Author Jay MacLeod's classic ethnography--a defining work on the cycle of social reproduction and inequality as lived through the young men from the Clarendon Heights housing project--now includes a third section that continues the lives of the original Brothers and Hallway Hangers through new interviews and analysis.Author Jay MacLeod's classic ethnography--a defining work on the cycle of social reproduction and inequality as lived through the young men from the Clarendon Heights housing project--now includes a third section that continues the lives of the original Brothers and Hallway Hangers through new interviews and analysis.Read Less
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I read this book from cover to cover (which, in its current edition, is quite some doing) and was absorbed by the reality of the stories all the way through. It's not always the easiest book to read, but the fact that the author really immersed himself in the lives and world of his subjects for several years, seeking to truly understand them, is evident on every page. Tracking two groups of lower-class men from 'the projects' (one black and one white) for more than twenty-five years, the book remains the gold standard for exploring the issue of social mobility over the life course in the United States. That the original edition was written before the author even graduated from college, and that he went on to a career as a parish priest instead of an academic sociologist, makes it all the more impressive.
The author does have his own biases, but he never draws conclusions that aren't supported by the evidence. And the evidence is overwhelming: it usually takes more than a 'good attitude' or a 'strong work ethic' to get ahead in America. It also takes many of the substantive and symbolic resources that middle-class children take for granted, yet middle-class parents are careful to pass down to them. Meanwhile, the mistakes and poor choices that middle-class youth easily overcome can be devastating for poor youth, starting a downward spiral from which it is very difficult to recover. Lastly, this book describes in vivid detail what all the statistics report: that, on average, poor black children have more ambition than poor white children. It isn't for lack of *wanting* the American dream of a middle-class life and a willingness to play by the rules; it's the lack of other things which MacLeod discusses: inside connections to good jobs, mentoring and sponsorship, and frankly, in some cases the 'right' skin color. Yes, racism is alive and well among U.S. employers, especially those hiring entry-level employees in major metro areas. Ironically, the 'Brothers' refuse to see this racism as an obstacle, choosing instead to blame themselves for their failings -- thus we cannot explain their disappointing outcomes in terms of a 'victim mentality.' Meanwhile, the white 'Hallway Hangers' frequently resort to racist explanations for their own inability to get or keep a job. It's the white subjects who claim racial victimhood, not the black ones.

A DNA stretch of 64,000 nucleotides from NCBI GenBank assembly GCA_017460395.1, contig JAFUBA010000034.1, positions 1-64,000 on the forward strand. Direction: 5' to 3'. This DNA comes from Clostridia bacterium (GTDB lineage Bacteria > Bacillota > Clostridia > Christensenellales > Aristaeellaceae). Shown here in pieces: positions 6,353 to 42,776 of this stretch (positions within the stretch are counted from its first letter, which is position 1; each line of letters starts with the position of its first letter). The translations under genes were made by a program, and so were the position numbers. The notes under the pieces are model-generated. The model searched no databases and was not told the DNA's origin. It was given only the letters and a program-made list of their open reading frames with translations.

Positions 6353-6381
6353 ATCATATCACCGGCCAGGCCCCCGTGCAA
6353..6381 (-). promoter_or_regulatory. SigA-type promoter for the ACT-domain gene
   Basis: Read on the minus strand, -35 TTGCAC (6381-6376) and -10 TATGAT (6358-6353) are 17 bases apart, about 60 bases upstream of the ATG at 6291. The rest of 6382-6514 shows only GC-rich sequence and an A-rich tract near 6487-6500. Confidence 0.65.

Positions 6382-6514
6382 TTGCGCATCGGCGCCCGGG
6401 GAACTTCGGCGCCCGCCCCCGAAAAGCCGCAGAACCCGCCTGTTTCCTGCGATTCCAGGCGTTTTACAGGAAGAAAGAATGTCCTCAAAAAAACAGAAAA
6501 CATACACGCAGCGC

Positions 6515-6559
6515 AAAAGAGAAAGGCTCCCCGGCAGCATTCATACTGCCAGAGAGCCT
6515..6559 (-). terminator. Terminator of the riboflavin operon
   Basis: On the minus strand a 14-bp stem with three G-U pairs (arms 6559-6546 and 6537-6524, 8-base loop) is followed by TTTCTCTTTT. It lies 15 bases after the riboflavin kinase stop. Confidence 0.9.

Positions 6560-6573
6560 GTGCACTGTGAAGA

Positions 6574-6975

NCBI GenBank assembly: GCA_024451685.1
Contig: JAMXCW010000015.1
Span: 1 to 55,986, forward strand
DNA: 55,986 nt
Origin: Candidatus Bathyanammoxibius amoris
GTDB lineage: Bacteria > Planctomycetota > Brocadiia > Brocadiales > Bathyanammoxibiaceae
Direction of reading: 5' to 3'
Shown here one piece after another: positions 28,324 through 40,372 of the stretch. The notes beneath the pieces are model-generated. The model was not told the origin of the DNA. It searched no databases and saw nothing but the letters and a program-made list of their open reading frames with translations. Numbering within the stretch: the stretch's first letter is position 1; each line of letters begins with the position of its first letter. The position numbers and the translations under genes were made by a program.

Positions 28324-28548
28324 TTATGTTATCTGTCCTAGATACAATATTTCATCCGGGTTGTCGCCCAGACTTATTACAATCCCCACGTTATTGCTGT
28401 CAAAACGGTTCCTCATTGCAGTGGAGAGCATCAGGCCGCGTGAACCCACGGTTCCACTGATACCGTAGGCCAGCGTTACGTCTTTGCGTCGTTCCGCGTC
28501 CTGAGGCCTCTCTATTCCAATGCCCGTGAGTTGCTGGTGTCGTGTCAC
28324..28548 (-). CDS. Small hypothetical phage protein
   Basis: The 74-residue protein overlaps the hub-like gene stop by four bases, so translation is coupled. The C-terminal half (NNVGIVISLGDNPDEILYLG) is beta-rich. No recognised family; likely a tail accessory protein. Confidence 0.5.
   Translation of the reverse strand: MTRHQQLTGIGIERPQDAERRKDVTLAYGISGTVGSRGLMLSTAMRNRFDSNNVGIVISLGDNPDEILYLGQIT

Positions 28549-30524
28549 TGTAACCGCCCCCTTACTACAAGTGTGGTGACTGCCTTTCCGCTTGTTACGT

By midlife many of these men, black and white alike, are struggling personally and professionally. And yet most are persevering, one way or another. And there are some exceptional cases too, where an individual has 'made it' into the middle class. But they are the exceptions that prove the rule, and the rule is this: where you finish depends a lot on where you start. It's certainly possible to rise up out of poverty, but it's certainly not likely -- for reasons that have as much to do with unsupportive (or even opposing) social structures as they do with individual (in)action and choices. Mainstream culture is no help, either. It's not that most of us hate the poor, it's just that we fear them, misunderstand them, have no patience for them, or prefer them less than the more affluent (people more like us).
This book isn't a 'liberal' book, even though its author's own political agenda is clearly identifiable as such. He doesn't pull any punches; he holds his subjects accountable for their actions, whether positive or negative. Yet he does so with gracious humanity, possibly because of his calling as a minister of the gospel. I wish that every conservative would read this book, and could do so with an open mind. How often do we speak of people we know so little about? At the same time, I wish that every liberal would read it, too, and acknowledge that capitalism has a vital role to play in developing poor people's lives and communities. Although the author didn't emphasize its significance, I took note of the fact that the real standouts in the book are both successful as self-employed entrepreneurs. Liberals should welcome business education and entrepreneurship as a more effective and efficient path out of poverty than any number of government programs. Poor people -- especially poor men -- need more steady well-paying jobs, to be sure, but we need to stop thinking of them exclusively or even primarily as job-holders and start seeing them also as job-creators.
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